A new book examined sustainable development policies that had arisen in London across a range of policy areas (including transport, housing, property development, and education), and their impacts and effects.
Source: Rob Imrie and Loretta Lees, Sustainable London? The future of a global city, Policy Press
A report by a committee of MPs said that crime on Britain's railways had decreased over the past decade. It said that this demonstrated the effectiveness of the specialist rail policing provided by the British Transport Police (BTP) and, although there were areas where the BTP could improve its performance, the overall model might be applied to other transport modes, such as aviation. The enquiry had highlighted that there were often vulnerable children and young people in and around railway stations, but the BTP currently had no targets in relation to child protection. The committee said that relevant bodies should work together to review existing practice in this area.
Source: Security on the Railway, Fifth Report (Session 201415), HC 428, House of Commons Transport Select Committee, TSO
An article examined the political barriers surrounding climate policy for passenger transportation. It said that significant mitigation policies for transport were held back in the European Union because of a range of interlinked issues ('transport taboos') that created a degree of political risk.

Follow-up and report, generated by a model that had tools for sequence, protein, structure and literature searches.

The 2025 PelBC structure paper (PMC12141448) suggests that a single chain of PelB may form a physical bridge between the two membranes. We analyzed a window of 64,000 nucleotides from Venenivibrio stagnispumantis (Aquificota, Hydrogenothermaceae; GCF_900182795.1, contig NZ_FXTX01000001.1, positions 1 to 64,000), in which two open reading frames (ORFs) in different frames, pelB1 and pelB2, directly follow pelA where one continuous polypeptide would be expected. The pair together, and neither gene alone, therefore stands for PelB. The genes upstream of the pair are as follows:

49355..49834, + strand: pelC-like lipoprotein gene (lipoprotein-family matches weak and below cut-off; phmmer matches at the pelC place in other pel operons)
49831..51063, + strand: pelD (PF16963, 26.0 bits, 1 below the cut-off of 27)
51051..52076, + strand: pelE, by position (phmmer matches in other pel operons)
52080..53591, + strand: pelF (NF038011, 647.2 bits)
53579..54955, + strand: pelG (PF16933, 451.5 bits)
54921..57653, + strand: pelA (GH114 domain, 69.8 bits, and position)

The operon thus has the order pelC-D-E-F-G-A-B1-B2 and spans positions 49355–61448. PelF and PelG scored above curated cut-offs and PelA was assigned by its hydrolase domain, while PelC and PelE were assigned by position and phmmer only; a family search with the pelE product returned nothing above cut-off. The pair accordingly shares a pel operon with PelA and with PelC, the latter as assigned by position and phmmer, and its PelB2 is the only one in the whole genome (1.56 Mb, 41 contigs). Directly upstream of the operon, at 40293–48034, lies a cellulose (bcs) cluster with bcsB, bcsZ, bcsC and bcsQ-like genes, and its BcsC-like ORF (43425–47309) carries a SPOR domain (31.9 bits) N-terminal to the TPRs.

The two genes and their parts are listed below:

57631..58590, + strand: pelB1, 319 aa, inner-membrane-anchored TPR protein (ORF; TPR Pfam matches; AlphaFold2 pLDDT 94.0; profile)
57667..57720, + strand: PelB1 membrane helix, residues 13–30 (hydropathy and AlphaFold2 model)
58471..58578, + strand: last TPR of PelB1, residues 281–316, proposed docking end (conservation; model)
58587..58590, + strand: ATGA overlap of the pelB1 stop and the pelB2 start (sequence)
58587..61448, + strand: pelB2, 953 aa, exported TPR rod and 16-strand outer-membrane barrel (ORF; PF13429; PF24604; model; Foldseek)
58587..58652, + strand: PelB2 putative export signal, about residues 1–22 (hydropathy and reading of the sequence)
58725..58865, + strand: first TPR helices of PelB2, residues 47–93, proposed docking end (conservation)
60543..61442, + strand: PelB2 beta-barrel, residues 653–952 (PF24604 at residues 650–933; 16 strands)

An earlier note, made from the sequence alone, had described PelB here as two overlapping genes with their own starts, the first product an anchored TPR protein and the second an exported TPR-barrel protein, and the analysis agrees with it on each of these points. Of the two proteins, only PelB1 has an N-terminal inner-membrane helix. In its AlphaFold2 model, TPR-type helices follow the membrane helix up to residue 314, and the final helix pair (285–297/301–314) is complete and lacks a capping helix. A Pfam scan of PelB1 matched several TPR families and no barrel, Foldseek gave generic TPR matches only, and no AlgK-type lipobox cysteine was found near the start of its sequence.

Source: Stefan Gossling and Scott Cohen, 'Why sustainable transport policies will fail: EU climate policy in the light of transport taboos', Journal of Transport Geography, Volume 39
A report said that individual cities needed the freedom to operate as whole systems, rather than relying upon national government's centralized decisions on infrastructure investment, but also to be able to work together, enabling pan-regional investment. The report made recommendations, including for the prioritization of better connectivity between northern cities, and for a review of competition in the high-speed broadband market.
Source: Connected Cities: The link to growth, RSA City Growth Commission
The government began consultation on proposals for two new compensation policies for owner-occupiers of properties close to the HS2 rail route from London to the West Midlands. The 'alternative cash offer' would give owner-occupiers within the Rural Support Zone (the zone within which the voluntary purchase scheme would apply) a payment of 10 per cent of what would have been the un-blighted open market value of their property, capped at between £30,000 and £100,000. The 'home-owner payment' scheme would share the benefits of the railway with rural owner-occupiers outside the Rural Support Zone but within 300m of the line, by means of a cash payment. The consultation would close on 30 September 2014.